They are the ones angling to review the constitution listing items that will not resolve any of the above stated challenges. They are more interested in state creation, local government creation, derivation percentage, tenure of president and governors, dichotomy between accountant-general of the federation and that of the government or between attorney general of the federation and the minister of justice, state joint local government account, CBN autonomy etc. Can the resolution of these issues stop stealing of government funds by government officials? Can it stop militancy, OPC and Boko Haram issues that have forced insecurity of lives and properties on Nigerians? Can they make the Nigerian police to work well? How can the resolution of these issues put better foods on our tables, give us stable electricity, give us good roads, repair our refineries and let Nigerians have petroleum products to buy at affordable prices? Just last night in Area 11 opposite Police Headquarters Abuja, I bought 40 litres of fuel for N9600 which means N240 per litre. Yet the machines have N97 written on them per litre! So all political leaders involved in the administration of Nigeria’s mess must never take part in any genuine process to correct and sanitize the mess; otherwise, they will frustrate it again like they have been doing.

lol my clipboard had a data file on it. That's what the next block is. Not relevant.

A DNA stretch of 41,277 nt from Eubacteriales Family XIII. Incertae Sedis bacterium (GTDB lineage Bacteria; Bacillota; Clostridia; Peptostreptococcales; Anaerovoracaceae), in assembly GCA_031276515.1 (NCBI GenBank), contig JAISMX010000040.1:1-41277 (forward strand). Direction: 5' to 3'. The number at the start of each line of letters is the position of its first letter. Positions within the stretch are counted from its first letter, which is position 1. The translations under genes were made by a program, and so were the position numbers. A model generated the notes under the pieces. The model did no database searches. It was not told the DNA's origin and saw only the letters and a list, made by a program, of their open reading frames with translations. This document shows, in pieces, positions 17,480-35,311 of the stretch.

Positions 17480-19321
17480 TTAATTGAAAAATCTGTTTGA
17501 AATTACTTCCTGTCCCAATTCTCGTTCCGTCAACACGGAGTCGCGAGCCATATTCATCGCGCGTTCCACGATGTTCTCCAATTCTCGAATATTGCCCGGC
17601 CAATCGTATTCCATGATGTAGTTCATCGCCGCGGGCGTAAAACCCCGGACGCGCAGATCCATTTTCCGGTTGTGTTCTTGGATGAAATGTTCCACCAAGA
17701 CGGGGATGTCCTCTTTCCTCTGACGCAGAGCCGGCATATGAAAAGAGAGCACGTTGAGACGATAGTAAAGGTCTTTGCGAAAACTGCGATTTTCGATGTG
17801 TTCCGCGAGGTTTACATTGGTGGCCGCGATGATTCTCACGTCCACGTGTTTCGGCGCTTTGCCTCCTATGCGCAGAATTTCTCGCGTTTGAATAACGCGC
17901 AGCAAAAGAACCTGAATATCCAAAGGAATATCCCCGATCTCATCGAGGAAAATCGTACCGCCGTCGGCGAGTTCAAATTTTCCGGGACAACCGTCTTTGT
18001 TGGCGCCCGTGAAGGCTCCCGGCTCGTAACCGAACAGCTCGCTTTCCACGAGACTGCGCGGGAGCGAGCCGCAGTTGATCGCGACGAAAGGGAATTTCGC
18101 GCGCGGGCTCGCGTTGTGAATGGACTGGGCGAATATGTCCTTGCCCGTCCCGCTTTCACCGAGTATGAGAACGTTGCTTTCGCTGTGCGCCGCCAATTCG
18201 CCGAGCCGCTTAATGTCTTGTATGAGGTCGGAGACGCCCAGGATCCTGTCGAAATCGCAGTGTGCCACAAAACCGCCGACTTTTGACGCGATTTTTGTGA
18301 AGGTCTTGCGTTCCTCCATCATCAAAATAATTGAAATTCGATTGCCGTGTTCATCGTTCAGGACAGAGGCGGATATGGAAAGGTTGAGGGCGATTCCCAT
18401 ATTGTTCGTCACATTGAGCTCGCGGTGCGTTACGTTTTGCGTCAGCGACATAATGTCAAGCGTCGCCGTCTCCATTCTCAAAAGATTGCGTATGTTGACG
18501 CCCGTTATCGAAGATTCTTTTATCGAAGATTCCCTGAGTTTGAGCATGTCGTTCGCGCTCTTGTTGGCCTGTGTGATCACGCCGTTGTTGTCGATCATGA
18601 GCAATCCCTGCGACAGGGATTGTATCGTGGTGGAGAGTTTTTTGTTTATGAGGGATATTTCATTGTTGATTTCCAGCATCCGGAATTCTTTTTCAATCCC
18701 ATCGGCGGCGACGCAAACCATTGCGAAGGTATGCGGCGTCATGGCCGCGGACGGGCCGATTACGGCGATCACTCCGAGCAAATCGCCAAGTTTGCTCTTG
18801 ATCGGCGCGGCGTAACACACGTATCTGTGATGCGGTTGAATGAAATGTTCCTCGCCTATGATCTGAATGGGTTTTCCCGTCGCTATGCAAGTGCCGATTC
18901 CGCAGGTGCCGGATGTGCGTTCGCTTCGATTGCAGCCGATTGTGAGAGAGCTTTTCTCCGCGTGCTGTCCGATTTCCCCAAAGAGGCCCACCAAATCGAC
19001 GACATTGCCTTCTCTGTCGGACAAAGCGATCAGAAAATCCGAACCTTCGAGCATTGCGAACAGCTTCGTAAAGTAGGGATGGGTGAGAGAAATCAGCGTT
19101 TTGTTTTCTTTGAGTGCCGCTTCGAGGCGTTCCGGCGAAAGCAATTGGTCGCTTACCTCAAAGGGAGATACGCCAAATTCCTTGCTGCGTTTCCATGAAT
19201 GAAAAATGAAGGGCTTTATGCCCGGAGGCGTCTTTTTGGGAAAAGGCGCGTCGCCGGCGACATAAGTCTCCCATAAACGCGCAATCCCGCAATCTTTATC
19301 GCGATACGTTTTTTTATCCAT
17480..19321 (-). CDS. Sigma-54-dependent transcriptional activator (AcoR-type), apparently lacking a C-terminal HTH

I am Ikwerre and I believe I am speaking for the voiceless mass of the Ikwerre in Nigeria, and maybe for the voiceless mass in all the other ethnic groups in Nigeria. The level of work to be done to turnaround Nigeria for good goes far beyond these cosmetic issues published by the House of Representatives. If the NASS is determined to force these issues on Nigerians as they are likely to do, let me remind them that the Ides of March is very near. If they insist, please they should have these suggestions as representing the position of the Ikwerre in the so-called constitution review.

Okachikwu Dibia